Exercises to do on walks to improve socialization

Being the leader in your dog’s eyes will make walks, and life, much more pleasant for you, your dog, and the people you encounter on outings.

Socialization and Fear

Outdoor exercise provides additional socialization opportunities. However, it is up to you to keep all encounters positive and safe. If your dog shows fear of bicycles and skaters, you need to work on developing the dog’s confidence, and above all, watch for potential problems and keep your dog safe … and in check. Never allow your dog to jump or nip at an oncoming person. Even if your dog backs away in fear, you really do want to do your best to keep the dog from feeling fearful. Steer him out of what he may perceive to be harm’s way. Pick up your dog and carry him away if you must. But note: the practice of picking up small dogs and holding them above other dogs, or at “people-level” in front of other people, often exacerbates aggression in your dog. Aim for reducing feelings of fear as well as reducing any tendencies toward aggression.

Among the first lessons to teach your dog is to pay attention to you. Before taking your dog to public places, your dog must know to count on you and look to you for guidance. It’s equally important for you to know how to regain your dog’s attention when he is excited, agitated, frightened, or otherwise distracted by someone or something encountered along your walk.

Practice these so that when you are in public, you’ll be able to keep and regain your dog’s attention. Keep him focused on you, and as soon as you notice a potential trigger – a loose animal, jogger, bicyclist, skater, or the like – give him a behavior cue, such as SIT.  Don’t give a release cue (such as ‘OK’) until you are well beyond the distraction.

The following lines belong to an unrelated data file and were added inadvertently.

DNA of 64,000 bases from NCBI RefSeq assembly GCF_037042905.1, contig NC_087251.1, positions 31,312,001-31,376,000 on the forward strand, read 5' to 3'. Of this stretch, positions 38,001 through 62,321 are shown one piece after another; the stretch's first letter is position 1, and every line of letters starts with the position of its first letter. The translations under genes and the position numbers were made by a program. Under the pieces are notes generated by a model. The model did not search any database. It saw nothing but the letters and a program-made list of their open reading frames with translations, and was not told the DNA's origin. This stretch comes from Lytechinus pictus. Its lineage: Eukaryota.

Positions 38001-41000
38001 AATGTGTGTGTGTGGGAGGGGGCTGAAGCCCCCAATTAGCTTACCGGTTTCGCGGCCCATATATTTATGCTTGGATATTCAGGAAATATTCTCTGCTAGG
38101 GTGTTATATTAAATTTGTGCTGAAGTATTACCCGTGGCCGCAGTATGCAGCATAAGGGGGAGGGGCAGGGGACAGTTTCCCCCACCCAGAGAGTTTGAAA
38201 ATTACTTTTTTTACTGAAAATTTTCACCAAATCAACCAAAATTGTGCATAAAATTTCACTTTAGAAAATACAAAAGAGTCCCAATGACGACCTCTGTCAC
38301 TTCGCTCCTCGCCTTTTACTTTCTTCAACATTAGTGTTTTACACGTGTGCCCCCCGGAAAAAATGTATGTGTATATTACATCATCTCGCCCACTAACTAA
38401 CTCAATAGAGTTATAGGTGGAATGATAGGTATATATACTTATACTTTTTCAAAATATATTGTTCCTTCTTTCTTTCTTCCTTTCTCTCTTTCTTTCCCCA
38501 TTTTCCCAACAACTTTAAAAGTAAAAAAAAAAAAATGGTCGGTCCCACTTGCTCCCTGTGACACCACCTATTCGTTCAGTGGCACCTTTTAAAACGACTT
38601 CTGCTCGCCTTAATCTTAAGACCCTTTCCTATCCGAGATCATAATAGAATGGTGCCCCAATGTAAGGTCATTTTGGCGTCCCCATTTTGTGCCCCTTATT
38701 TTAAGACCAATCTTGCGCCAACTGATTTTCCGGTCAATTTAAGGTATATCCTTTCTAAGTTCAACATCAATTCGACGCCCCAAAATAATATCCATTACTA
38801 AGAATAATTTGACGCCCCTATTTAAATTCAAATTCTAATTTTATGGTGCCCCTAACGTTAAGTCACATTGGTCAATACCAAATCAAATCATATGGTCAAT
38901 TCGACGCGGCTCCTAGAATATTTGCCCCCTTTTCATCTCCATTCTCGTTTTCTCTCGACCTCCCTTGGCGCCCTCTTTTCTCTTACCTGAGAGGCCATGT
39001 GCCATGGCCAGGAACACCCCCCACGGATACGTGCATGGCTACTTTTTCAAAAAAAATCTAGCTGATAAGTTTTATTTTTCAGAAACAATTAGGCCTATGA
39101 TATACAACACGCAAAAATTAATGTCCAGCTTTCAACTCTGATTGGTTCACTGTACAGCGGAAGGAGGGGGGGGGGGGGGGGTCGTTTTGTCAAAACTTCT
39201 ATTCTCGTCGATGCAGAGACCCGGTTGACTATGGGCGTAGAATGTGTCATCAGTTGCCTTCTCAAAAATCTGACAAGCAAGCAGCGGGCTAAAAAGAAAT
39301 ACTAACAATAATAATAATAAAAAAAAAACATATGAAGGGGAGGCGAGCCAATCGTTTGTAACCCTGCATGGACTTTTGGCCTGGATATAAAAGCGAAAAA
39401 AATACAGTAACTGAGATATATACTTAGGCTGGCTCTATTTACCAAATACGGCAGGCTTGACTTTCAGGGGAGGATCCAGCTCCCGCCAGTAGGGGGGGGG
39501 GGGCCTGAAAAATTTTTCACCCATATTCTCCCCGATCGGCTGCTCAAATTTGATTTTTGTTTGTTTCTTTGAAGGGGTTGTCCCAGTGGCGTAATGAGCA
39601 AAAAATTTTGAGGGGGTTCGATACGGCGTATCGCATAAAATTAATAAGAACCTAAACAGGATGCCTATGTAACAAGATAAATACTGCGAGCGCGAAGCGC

Also, it pays to teach your dog to tolerate triggers such as joggers, bicyclists, and baby strollers. You can acclimate your dog to bikes, strollers, and fast-moving people with the help of a willing friend or neighbor in the course of a few short sessions. If you have a young dog or newly adopted adult dog, start this conditioning, as part of socialization, from the start. If your dog has already developed a fear of, or aggression towards, such triggers, enlist the help of a good certified balanced method trainer/behaviorist before the situation escalates into a bite.

Threatened by another dog while jogging or walking?

When facing an oncoming dog, whether a stray dog or an aggressive-seeming dog not being controlled adequately by his handler, remain calm and act fast.

Stop jogging and pull your dog close to you. Using a firm but the calm tone of voice, say “OFF!” or “NO!” Say “OFF!” or “NO!” to the approaching dog repeatedly.

As we tell children, do not scream or jump around or otherwise convey tension and fear, as that will serve only to incite the approaching dog and scare your own.

Most dogs mean no harm and won’t show aggression unless threatened. Calmly walk in another direction, keeping your dog close. Continue using a confident, calm, firm tone of voice and demonstrate to both dogs that you are in control.

You can also avert problems and ward off the oncoming dog by throwing a bone or stick or even a snack in the opposite direction, then calmly and quickly leave the area with your dog.

If the approaching dog definitely is aggressive and attacks your dog, in a worst-case situation, you might have to drop the leash to allow your dog a chance to escape.

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